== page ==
2008 – The Year of Presidential Elections

The year 2008 is a year of great changes when talking about the heads of states throughout the world. Just to name the two most powerful countries – the USA and Russia – those immensely influential countries are both going to have new presidents this year. The whole world is watching tensely since the role of president is crucial there. However, not only Americans and Russians can expect new presidents to come. Other countries choose their heads of states this year as well.

As you probably know, the Czech lawmakers are electing the country’s president at this very moment. The election is both important and interesting, for the two candidates have very similar chances of being elected. But only one of them can be the winner, of course. Will Vaclav Klaus, the incumbent, have a chance to serve his second term? Or will a US citizen, Jan Svejnar, become the President of the Czech Republic?

As I see it, neither candidate for the presidency is suitable for the job. The first is known as an EU-skeptic and an Anti-global warming activist, whereas the latter has not been living in the Czech Republic since he was 17! Isn’t that crazy?

Fortunately, the role of the Czech President is rather representative, more power is concentrated to the hands of the Prime Minister and the Parliament. The term of office of a Czech president is limited to 5 years. He, or she, can be elected only twice in a row, serving thus 10 years at most.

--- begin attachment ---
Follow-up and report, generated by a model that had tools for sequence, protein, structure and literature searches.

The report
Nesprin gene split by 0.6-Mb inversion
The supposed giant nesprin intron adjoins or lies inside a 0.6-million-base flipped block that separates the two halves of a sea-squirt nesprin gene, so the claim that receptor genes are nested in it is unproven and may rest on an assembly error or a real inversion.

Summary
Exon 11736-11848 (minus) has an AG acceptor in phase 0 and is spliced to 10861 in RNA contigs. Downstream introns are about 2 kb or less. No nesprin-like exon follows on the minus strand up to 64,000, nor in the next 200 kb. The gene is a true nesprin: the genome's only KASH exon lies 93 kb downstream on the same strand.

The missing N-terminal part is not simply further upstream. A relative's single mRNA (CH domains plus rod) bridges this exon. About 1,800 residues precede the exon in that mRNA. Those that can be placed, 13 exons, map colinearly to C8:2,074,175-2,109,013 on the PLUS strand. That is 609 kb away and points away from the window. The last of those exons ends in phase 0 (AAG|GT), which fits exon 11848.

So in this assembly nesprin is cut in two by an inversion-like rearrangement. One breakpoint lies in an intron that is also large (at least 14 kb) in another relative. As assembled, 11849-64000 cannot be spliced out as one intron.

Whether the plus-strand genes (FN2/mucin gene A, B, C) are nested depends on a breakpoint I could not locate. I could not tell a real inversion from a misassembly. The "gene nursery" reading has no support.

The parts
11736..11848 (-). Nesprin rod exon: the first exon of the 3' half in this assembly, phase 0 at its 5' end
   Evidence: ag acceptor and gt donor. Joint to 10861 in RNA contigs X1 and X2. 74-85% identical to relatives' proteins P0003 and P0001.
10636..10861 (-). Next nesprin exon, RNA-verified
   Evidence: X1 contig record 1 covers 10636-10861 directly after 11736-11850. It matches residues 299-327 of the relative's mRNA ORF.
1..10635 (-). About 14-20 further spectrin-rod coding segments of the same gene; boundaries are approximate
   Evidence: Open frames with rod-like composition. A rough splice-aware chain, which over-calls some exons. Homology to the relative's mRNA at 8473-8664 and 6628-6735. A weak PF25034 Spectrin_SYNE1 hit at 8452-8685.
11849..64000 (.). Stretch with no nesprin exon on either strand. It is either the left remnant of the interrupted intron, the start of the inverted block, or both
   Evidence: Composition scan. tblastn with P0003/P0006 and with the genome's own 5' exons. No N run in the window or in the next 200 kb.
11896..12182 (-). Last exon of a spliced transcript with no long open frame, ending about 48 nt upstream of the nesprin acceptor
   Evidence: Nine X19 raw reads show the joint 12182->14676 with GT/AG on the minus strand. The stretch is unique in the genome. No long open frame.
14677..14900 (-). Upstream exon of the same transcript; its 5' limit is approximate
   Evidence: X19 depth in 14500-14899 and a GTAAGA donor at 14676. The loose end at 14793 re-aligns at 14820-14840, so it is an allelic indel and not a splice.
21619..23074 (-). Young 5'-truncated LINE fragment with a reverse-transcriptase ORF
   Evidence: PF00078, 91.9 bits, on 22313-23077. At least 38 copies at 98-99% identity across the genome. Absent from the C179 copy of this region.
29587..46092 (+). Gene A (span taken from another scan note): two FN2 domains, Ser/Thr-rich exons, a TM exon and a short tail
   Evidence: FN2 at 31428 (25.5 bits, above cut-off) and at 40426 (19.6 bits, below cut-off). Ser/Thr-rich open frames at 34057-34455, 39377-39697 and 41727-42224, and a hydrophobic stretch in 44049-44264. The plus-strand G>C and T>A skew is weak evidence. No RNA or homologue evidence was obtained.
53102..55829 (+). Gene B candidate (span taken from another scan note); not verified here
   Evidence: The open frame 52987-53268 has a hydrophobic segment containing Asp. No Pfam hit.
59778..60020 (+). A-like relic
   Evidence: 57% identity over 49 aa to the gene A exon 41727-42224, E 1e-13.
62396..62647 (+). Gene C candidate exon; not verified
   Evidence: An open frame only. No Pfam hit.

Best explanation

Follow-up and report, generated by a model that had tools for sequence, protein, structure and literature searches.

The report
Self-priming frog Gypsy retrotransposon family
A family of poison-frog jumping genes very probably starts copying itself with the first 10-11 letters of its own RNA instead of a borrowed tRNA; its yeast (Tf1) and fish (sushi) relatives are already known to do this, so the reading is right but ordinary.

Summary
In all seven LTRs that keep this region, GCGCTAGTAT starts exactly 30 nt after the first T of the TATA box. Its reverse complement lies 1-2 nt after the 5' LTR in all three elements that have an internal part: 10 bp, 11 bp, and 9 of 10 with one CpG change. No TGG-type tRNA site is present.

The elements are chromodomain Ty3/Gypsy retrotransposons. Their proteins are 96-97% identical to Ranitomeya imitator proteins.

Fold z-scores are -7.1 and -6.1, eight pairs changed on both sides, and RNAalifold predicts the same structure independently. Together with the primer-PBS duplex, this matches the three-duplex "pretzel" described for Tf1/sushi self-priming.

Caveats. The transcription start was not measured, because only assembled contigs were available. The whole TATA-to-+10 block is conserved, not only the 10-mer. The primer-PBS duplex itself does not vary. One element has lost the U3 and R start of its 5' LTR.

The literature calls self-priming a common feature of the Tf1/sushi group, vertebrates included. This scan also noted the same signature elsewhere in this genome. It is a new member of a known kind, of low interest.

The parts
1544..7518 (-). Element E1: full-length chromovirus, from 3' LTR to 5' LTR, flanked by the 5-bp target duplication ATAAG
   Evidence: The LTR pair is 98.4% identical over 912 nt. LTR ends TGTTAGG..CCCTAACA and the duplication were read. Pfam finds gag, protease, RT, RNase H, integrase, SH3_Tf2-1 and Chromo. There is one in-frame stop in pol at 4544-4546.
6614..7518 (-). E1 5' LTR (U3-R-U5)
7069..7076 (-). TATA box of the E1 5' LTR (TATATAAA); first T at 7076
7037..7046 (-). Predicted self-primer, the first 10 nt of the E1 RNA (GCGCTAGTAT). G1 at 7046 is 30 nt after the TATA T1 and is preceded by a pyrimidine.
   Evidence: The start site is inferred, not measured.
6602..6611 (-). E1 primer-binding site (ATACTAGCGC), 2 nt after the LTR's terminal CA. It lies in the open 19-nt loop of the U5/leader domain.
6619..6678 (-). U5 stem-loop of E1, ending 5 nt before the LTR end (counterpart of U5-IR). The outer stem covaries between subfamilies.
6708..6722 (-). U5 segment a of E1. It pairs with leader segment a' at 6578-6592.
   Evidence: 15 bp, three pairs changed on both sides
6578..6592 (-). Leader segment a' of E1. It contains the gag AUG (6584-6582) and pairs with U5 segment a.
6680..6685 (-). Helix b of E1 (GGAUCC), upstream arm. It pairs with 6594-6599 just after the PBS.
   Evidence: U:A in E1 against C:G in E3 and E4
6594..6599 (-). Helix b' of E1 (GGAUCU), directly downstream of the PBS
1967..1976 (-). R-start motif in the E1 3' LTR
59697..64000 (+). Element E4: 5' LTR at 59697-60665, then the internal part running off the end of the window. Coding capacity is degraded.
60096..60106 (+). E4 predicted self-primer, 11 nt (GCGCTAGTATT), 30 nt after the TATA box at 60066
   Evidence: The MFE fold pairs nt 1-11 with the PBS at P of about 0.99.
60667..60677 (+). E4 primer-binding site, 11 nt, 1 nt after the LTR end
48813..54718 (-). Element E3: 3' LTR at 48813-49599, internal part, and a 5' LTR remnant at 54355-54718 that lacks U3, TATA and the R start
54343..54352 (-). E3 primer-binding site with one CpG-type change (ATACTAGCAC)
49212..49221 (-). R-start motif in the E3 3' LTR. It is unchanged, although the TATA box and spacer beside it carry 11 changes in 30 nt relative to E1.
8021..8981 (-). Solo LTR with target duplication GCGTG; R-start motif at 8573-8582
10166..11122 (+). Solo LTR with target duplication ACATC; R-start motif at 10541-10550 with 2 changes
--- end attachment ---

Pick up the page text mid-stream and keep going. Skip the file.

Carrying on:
The voting procedure is not going to be easy. The president must be supported by the majority in both chambers – Chamber of Deputies has 200 seats and Senate 81 seats. This means that he must gain the support of at least 101 deputies and 41 senators. If there is no president elected in the first round, second round follows in 14 days. This time the rules of election change slightly. A president must be elected by the majority of present deputies as well as the majority of present senators. Again, if there is no president elected, the third and last round follows in 14 days. This time a president will be chosen if he gains the majority of deputies and senators who are present. If there is still no president, the process must start all over again.

Five years ago, when Vaclav Klaus moved his office to Prague Castle, 3 round ballots were needed. It is expected that this year there might be more than 1 round as well since the support of both candidates is tight.

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